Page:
Flash Text Layout Framework goes Open Source

The Flash Platform team at Adobe announced yesterday that they’re open-sourcing the Text Layout Framework that they’ve been working on on top of the text foundation built into Flash 10.

This is Kind of a Big Deal, because as far as I’m aware open-source code that handles text editing and display of Unicode text that supports right-to-left layout and editing is very rare.

I work on LiveCycle Designer, and because we made a commitment to a partner to support it, our XML editor lets you edit XML source that has HATV (Hebrew, Arabic, Thai, Vietnamese) text embedded in it. If you’re not familiar with these languages, in a nutshell, they’re read from right to left instead of left to right the way English is read. A text editor that supports these languages will understand that they’re edited from right to left as well, which changes how the editor behaves when the caret is in an RTL text run. For example:

<Button id="לחצן"/>

This is some XML that might represent a button whose ID is “Button” in Hebrew. Drag-select over that text. Does your browser treat the Hebrew text differently than the surrounding English characters? It probably does.

When you’re editing, the typical behaviour is if the caret were on the equal sign and you hit right arrow a few times, the caret would move to the quote, then to the last character of the Hebrew text, then left, left, left, left, then jump to the closing quote. This is because the right arrow key is interpreted as “move to the next character”, not “move right”.

The TLF that Adobe is giving away comes with a TextEditor class that knows about all this. Copy that text and paste it into the TLF Sample and try editing it yourself.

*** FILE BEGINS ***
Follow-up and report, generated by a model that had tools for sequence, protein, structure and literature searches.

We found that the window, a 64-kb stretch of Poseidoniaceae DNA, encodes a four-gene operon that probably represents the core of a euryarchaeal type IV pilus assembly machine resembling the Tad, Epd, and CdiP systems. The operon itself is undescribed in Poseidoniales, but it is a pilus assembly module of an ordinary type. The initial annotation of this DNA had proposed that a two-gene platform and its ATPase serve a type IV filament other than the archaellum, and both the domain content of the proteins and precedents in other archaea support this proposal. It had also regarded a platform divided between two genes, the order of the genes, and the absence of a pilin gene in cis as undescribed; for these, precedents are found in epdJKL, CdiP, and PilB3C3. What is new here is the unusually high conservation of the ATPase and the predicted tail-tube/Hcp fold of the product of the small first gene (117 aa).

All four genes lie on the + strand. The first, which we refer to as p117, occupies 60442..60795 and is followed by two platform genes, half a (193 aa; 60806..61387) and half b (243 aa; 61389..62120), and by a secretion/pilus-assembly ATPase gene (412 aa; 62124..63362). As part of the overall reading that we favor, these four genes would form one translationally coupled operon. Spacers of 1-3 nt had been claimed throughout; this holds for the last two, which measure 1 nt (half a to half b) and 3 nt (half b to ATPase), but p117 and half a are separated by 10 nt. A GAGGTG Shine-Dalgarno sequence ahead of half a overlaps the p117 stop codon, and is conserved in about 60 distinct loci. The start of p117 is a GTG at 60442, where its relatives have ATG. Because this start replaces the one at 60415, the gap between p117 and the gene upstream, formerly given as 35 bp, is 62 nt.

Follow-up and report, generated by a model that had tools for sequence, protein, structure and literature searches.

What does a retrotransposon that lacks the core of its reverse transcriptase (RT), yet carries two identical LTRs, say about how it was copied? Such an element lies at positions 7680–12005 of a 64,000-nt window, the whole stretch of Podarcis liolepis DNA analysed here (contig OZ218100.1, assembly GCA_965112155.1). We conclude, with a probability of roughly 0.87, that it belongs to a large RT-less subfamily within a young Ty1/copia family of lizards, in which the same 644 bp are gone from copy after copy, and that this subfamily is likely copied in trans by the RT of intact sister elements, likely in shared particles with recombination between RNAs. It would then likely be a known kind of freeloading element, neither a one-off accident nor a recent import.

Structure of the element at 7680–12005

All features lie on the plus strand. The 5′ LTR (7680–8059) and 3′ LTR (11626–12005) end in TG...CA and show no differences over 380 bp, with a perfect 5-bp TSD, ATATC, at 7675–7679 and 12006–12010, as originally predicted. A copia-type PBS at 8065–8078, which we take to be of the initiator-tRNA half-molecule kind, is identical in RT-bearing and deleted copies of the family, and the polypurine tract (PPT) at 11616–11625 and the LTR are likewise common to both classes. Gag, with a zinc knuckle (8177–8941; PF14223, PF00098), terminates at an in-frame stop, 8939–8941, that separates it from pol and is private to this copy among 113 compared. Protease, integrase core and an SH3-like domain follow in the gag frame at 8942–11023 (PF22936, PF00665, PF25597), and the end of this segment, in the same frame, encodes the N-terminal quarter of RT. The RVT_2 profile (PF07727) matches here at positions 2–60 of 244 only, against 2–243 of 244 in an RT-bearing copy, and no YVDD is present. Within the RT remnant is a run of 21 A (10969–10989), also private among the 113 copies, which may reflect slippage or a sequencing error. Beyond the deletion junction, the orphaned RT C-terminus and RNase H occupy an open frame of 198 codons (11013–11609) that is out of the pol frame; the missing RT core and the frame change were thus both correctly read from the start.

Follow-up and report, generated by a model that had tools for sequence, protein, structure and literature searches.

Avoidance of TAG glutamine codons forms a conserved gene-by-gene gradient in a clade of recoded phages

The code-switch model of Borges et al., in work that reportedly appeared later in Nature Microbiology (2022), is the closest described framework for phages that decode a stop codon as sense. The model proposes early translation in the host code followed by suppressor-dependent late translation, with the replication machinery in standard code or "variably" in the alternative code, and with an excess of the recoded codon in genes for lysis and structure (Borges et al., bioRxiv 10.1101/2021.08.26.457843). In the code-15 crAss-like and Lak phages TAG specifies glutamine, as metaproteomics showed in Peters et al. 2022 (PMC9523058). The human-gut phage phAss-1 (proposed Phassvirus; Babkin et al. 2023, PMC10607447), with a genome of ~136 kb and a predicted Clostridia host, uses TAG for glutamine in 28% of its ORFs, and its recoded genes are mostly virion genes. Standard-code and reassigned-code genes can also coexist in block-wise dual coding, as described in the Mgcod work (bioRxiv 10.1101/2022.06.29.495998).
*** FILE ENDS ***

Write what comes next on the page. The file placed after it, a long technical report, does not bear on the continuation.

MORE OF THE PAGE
The TLF supports a lot of other cool text features. Here’s a list:

  • Selection, editing and flowing text across multiple columns and linked containers
  • Vertical text, Tate-Chu-Yoko (horizontal within vertical text) and justifier for East Asian typography
  • Rich typographical controls, including kerning, ligatures, typographic case, digit case, digit width and discretionary hyphens
  • Cut, copy, paste, undo and standard keyboard and mouse gestures for editing
  • Rich developer APIs to manipulate text content, layout, markup and create custom text components
  • ActionScript-based object-oriented model for rich text layout enabling live updates

But the RTL text support is the one that affects me most since we’ve been looking for a replacement for what we currently use in Designer, and this might be it.

There are a lot of open-source text editors, but as far as I know the only one that supports this is the code editor in Eclipse, which is written in Java. The text input widgets on the major OS platforms support it, and now, so does Flash.